Magnesium Hydroxide as an Alternative to Caustic Soda for Alkanity Adjustment
Alkalinity adjustment in industrial processes has become significantly more costly in recent months due to shortage in caustic soda supply.
by Steve Leykauf
Alkalinity adjustment in industrial processes has become significantly more costly in recent months due to shortage in caustic soda supply. With domestic demand expected to climb by 10% annually, a tighter supply – and higher caustic soda (NaOH) costs – are expected to continue through next year. This has left caustic soda users scrambling to identify and approve alternative alkalinity agents to meet their water and wastewater treatment needs. A slurry of magnesium hydroxide – Mg(OH)2 – is finding increased use in wastewater neutralization and sludge reduction by industrial facilities, in large part due to the high and volatile pricing of caustic soda. Industries are making a conversion to control costs, while realizing technical benefits inherent in Mg(OH)2 treatment.
Figure 1. Dry Pounds of Neutralizing Agent Required to Neutrazlizing One Ton of Acid
Sofix Corp., of Chattanooga, TN, which produces the active ingredients used to coat thermal paper, established a goal of finding a product that provides stable pricing, while delivering better pH control, lower heat of reaction and safer handling. Its process utilizes acids and caustic soda for pH adjustment in the wastewater treatment plant before discharging to the local municipal wastewater collection system. Part of the company's process produces a 29% sulfuric acid that requires neutralization prior to discharge. The acid is pumped into an agitated tank and combined with water and currently neutralized with NaOH to a pH of 7 before being fed into the municipal sewage system.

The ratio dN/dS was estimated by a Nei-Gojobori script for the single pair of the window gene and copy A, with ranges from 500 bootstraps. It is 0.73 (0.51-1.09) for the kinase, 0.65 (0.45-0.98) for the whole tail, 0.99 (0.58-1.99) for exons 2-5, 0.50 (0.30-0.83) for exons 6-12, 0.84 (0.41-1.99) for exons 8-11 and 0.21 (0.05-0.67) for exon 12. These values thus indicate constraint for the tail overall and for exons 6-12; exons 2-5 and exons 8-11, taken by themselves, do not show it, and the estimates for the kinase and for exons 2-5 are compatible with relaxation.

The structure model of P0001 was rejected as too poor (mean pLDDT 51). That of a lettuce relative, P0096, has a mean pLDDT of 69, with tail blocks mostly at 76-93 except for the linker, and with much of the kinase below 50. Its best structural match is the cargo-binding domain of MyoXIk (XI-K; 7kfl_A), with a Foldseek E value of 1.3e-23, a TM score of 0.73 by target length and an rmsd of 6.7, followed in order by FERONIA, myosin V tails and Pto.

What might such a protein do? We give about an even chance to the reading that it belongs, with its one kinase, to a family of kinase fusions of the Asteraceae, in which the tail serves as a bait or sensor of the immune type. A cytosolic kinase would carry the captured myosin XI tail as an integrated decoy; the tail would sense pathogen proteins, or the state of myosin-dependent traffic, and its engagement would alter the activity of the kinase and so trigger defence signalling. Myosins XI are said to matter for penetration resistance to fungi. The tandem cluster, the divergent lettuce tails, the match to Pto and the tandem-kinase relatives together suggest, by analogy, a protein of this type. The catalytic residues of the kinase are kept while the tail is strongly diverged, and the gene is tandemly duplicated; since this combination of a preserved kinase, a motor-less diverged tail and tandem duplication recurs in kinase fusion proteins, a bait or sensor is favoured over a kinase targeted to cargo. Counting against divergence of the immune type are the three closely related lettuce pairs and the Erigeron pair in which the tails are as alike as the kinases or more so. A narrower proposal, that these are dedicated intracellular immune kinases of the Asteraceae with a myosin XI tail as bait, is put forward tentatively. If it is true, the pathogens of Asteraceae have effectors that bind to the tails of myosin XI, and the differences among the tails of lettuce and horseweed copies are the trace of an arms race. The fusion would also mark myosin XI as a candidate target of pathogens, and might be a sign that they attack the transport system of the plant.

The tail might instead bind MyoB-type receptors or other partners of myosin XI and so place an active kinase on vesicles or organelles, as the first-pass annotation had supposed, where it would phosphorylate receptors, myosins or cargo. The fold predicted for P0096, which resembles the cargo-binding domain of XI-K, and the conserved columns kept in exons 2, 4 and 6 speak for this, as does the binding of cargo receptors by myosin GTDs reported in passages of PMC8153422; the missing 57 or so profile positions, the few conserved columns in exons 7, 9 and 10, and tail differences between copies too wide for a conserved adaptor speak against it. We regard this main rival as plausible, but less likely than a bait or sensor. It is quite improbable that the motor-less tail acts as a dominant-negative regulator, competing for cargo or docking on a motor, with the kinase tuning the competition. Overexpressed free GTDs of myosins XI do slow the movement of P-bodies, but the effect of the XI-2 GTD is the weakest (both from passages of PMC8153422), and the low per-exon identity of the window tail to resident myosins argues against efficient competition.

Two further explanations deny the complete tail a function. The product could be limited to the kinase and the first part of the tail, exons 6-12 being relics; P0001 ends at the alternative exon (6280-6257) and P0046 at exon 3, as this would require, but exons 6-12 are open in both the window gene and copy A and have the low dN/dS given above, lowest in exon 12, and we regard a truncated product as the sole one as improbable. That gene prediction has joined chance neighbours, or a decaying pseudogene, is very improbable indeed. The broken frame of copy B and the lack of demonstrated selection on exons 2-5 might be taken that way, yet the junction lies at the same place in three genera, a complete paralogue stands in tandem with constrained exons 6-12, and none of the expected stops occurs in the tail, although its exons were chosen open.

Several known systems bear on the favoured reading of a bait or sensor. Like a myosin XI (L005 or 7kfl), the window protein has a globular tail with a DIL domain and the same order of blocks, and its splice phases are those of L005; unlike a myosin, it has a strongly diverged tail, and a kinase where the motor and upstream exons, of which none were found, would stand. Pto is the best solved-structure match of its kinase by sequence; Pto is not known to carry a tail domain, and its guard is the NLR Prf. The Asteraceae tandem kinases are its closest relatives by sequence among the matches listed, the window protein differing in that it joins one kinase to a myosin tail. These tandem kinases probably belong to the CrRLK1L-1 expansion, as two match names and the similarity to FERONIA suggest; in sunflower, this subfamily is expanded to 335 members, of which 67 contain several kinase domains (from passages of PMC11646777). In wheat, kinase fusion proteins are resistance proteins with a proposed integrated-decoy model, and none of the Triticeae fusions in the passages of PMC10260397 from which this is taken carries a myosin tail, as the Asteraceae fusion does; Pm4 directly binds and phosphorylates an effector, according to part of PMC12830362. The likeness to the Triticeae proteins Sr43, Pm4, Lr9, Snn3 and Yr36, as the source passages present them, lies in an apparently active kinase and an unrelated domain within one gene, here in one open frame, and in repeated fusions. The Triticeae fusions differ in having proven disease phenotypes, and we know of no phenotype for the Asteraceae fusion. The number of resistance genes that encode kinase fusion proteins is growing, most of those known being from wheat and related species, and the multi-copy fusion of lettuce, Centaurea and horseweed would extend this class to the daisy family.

A field trial was conducted to qualify magnesium hydroxide, commonly known as Milk of Magnesia, as a viable replacement for caustic soda. A pH of 7 to 9 was achieved during the trial (see Table 1). Reaction time for pH adjustment was very good and the heat of reaction was far less with the Mg(OH)2 than with NaOH. Mg(OH)2 to NaOH conversion was 0.75 to 0.79 pounds of Mg(OH)2 for every pound of NaOH previously used on a dry basis.
Sofix's Chattanooga staff was very pleased with the trial results and designed a system consisting of a new bulk tank and chemical feed pump designed to feed Mg(OH)2 and flush all lines upon completion of each batch.
Greater Neutralizing Value
Magnesium hydroxide has a neutralization value that's 37% higher than caustic soda. One gallon of Mg(OH)2 replaces approximately 1.7 gallons of 50% NaOH. Figure 1 illustrates performance of various industrial alkalis. Compare other properties of common industrial alkalis at: http://magspecialties.com/datasheets/FloMag-pdf/FloMag%20-%20Properties%20of%20Industrial%20Alkalis.pdf
Cost Savings Example:
- (1,000 tons/year NaOH) x ($550/ton) = $550,000/year NaOH cost
- (730 tons/year Mg(OH)2 ) x ($400/ton) = $292,000/year Mg(OH)2 cost
- Savings = $258,000/yr
Current magnesium hydroxide pricing delivers savings of $150 or more per ton compared to caustic soda. Each 1,000 tons of NaOH could save $258,000 on an alkalinity equivalency basis. Mg(OH)2 is relatively price stable compared to NaOH. Other cost benefits include:
- Costs to dispose of biosolids/sludge – Creates less sludge volume vs. other alkalis
- Costs for acids – Natural buffering at pH 9 renders pH adjustment with acids unneeded
- Costs for polymers – Mg(OH)2 forms a larger floc particle where solids settling is improved, reducing polymer usage
- Reduced transportation costs – Consuming less Mg(OH)2 means less product to transport
Finally, magnesium hydroxide is safer and more environmentally friendly. The slurry is supplied as a high purity, industrial grade Milk of Magnesia. Mg(OH)2 is non-toxic (when properly used), non-corrosive, non-hazardous and safer to handle than caustic soda. In addition to reduced initial cost, it has a greater pound-for-pound alkalinity contribution, improves biological activity since magnesium is a nutrient, assists in metals removal via precipitation and adsorption, and reduces sludge and the need for its disposal.
Acknowledgments: The author thanks Martin Marietta Magnesia Specialties southeast region manager Darryl Stafford, field representative Aileen Gibson and Sofix for their help on this article.
About the Author: Steve Leykauf joined Martin Marietta Magnesia Specialties LLC in October 2006 as a sales engineer for Thioguard® in the U.S. Midwest, working previously in technical sales capacities in the electrical, electronics and telecommunications industries. He lives near South Bend, IN. Contact: 574-277-2237 or email@example.com